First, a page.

Therefore, to investigate the extension of this theory and the relationship to investment in capacities, we formulate our research hypothesis as follows:
The funding intentions of an NPO influence the effort put into capacity-building tasks, as some tasks are more highly rewarded than others.
Switzerland constitutes an interesting case because it has a relatively large NPO sector in terms of its work force (Helmig et al., 2017) and its nonconclusive classification as a type of civil sector. From a social origins theory perspective, Switzerland can be assigned to both the social-democratic (Einolf, 2015) and liberal categories (Helmig et al., 2017). Although the nonprofit sector as a whole can be considered a special case within continental Europe (Helmig et al., 2017), the organizations and processes found within the sector are comparable to those of other Western countries (Helmig et al., 2011). The sector comprises approximately 100,000 organizations, including over 13,000 charitable foundations (von Schnurbein & Perez, 2018) and approximately 80,000 associations, most of which are of a charitable nature (Helmig et al., 2010). 58% of their financing comes from fees and sales, 35% comes from government funding, and 8% comes from philanthropy; however, financing structures vary widely depending on the field of activity (Helmig et al., 2017).
Accordingly, for our empirical analysis, we used survey data from Swiss NPOs from various smaller indices. Since there is no central register of NPOs in Switzerland, the exact population of NPOs and charities and their distributions across areas of activity are unknown. We therefore applied a nonprobability sample of operational organizations or NPOs that not only fund but also manage and implement their own projects. We applied typical case sampling and included cases from charities bearing a quality seal, NPOs with a focus on environmental issues, and a sample of organizations from the trade register. Based on a keyword search, we randomly selected organizations from the health and housing sectors. These subsamples allowed us to include typical cases from vital nonprofit sectors with large organizations in the overall sample. The survey, sent to 3,053 Swiss NPOs in 2018, was administered as part of a larger research project on management challenges faced in NPOs. The data were collected in Switzerland by means of a postal survey in German and French, after the questionnaire had been pretested in both languages in line with the recommendations of Hak et al. (2008). Organizations were sent the questionnaire, a cover letter explaining the overall goal of the research project, and a return envelope. Of the 622 questionnaires received (response rate of 20.4%), 544 questionnaires contained complete answers to all relevant questions.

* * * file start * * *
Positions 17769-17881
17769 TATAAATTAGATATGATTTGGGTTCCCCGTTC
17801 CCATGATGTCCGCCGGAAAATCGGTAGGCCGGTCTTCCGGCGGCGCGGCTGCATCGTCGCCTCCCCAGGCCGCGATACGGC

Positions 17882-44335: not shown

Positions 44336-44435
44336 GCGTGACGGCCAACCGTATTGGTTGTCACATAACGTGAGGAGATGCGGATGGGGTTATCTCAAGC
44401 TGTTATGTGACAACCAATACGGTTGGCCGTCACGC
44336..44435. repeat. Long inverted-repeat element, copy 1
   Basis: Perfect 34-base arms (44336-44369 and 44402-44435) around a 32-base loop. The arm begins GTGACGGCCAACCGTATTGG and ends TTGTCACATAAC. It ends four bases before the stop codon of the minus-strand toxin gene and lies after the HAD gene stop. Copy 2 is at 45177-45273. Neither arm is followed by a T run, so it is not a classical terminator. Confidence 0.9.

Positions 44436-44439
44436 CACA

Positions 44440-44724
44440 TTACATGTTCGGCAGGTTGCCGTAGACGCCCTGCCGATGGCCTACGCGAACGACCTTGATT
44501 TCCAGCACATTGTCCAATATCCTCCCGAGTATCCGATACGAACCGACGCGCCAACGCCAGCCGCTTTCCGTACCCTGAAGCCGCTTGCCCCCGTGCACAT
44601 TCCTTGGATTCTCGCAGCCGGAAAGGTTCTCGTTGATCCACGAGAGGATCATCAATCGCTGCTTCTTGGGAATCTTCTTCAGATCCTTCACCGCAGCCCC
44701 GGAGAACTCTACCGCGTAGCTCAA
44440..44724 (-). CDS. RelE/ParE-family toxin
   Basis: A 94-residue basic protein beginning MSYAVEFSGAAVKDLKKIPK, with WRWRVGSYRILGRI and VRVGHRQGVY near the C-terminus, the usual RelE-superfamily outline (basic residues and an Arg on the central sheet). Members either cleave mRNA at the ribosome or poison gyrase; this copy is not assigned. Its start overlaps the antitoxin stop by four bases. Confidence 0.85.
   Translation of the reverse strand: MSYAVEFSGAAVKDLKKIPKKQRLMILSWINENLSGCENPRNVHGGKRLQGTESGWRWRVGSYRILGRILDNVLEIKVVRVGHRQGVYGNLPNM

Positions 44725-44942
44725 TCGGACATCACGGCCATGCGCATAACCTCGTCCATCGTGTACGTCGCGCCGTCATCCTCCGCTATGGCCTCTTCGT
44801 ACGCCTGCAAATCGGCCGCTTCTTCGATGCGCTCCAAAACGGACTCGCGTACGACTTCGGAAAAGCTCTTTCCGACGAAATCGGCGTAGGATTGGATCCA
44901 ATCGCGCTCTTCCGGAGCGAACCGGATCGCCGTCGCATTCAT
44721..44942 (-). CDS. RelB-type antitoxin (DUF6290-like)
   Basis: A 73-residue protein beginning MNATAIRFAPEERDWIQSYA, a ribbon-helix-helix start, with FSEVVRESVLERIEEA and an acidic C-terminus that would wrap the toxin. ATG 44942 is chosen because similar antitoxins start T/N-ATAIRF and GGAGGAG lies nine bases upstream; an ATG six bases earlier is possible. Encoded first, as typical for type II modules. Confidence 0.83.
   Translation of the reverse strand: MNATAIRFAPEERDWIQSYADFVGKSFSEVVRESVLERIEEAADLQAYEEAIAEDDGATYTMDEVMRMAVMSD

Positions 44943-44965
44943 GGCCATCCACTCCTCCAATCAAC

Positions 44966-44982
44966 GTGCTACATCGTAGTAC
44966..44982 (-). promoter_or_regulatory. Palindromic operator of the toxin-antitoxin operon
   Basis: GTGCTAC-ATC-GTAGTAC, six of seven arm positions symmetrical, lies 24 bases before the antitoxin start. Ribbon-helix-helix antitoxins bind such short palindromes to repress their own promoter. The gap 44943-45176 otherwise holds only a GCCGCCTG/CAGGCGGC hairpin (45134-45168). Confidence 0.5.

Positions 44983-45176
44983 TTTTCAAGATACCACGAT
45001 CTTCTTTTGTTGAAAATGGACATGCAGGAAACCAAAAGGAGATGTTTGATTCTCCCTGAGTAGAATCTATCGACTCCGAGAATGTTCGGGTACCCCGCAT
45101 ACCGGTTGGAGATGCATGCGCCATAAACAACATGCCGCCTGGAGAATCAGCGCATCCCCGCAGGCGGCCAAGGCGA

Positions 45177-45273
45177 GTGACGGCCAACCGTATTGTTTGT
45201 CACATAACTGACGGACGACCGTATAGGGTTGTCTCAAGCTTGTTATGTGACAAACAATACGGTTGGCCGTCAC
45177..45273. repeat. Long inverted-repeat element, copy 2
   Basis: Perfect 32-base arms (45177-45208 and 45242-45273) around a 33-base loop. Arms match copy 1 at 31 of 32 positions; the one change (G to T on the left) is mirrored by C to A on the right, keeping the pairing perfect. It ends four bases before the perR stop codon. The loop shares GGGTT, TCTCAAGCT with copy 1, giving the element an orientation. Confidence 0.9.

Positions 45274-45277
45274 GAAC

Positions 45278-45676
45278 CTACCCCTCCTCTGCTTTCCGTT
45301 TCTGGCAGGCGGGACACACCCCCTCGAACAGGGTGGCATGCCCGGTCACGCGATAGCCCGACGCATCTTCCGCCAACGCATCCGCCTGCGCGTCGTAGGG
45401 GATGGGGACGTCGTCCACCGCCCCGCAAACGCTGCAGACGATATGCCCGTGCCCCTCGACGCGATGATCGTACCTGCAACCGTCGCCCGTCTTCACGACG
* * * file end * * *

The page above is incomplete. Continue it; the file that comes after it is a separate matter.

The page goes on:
Of these 544 organizations, 41.9% were foundations (228), and 56.9% were associations (310). On average, the organizations were founded 50 years ago, had 62 employees and had operating expenses of 12 million CHF in 2017. The responding organizations were asked to select their areas of activity (ICNPO categories). A total of 238 of the organizations selected health (44%), 211 selected social services (39%), 125 selected education and research (23%), and 125 selected culture and recreation (23%), and all other categories were selected less often (< 15%). These four categories are the most prominent in terms of employees and budget in the Swiss nonprofit sector (Helmig et al., 2010) and were thus focused on in the sampling process.
As described above, the survey was designed with a broader scope and included questions on research projects relating to management challenges faced in NPOs, such as financial competencies or market orientation. The variables used were selected from this pool of survey items. All dependent and independent variables used concerned questions answered by the respondents on a five-point Likert scale ranging from 1 = [I agree] to no extent, to 5 = [I agree] to a large extent. We treated the data as continuous, as we assumed equal distances between the five possible response options (Hair et al., 2014). The control variable, size, was measured as the number of employees. Age was included as a control variable at first but did not have a significant effect on any dependent variable and thus was dropped from the analysis. Table 1 provides an overview of the descriptive statistics for each variable and the item text.
As dependent variables, we use selected capacity-building tasks, i.e., tasks directed toward investment in capacities. We focus our analysis on three capacity-building tasks applied across the spectrum described in “The Choice of Investment in Capacities: Utilizing Multitasking Theory” section and depict again in Fig. 3. Capacity-building tasks examined are (1) attracting and securing resources (RA), (2) maintaining public relations (PR), and (3) focusing on the organization’s impact (IF). Although these three tasks by no means cover all possible nonprofit capacities, they cover a broad range of the nonprofit capacity spectrum as introduced by the theoretical framework (chapter 2.2).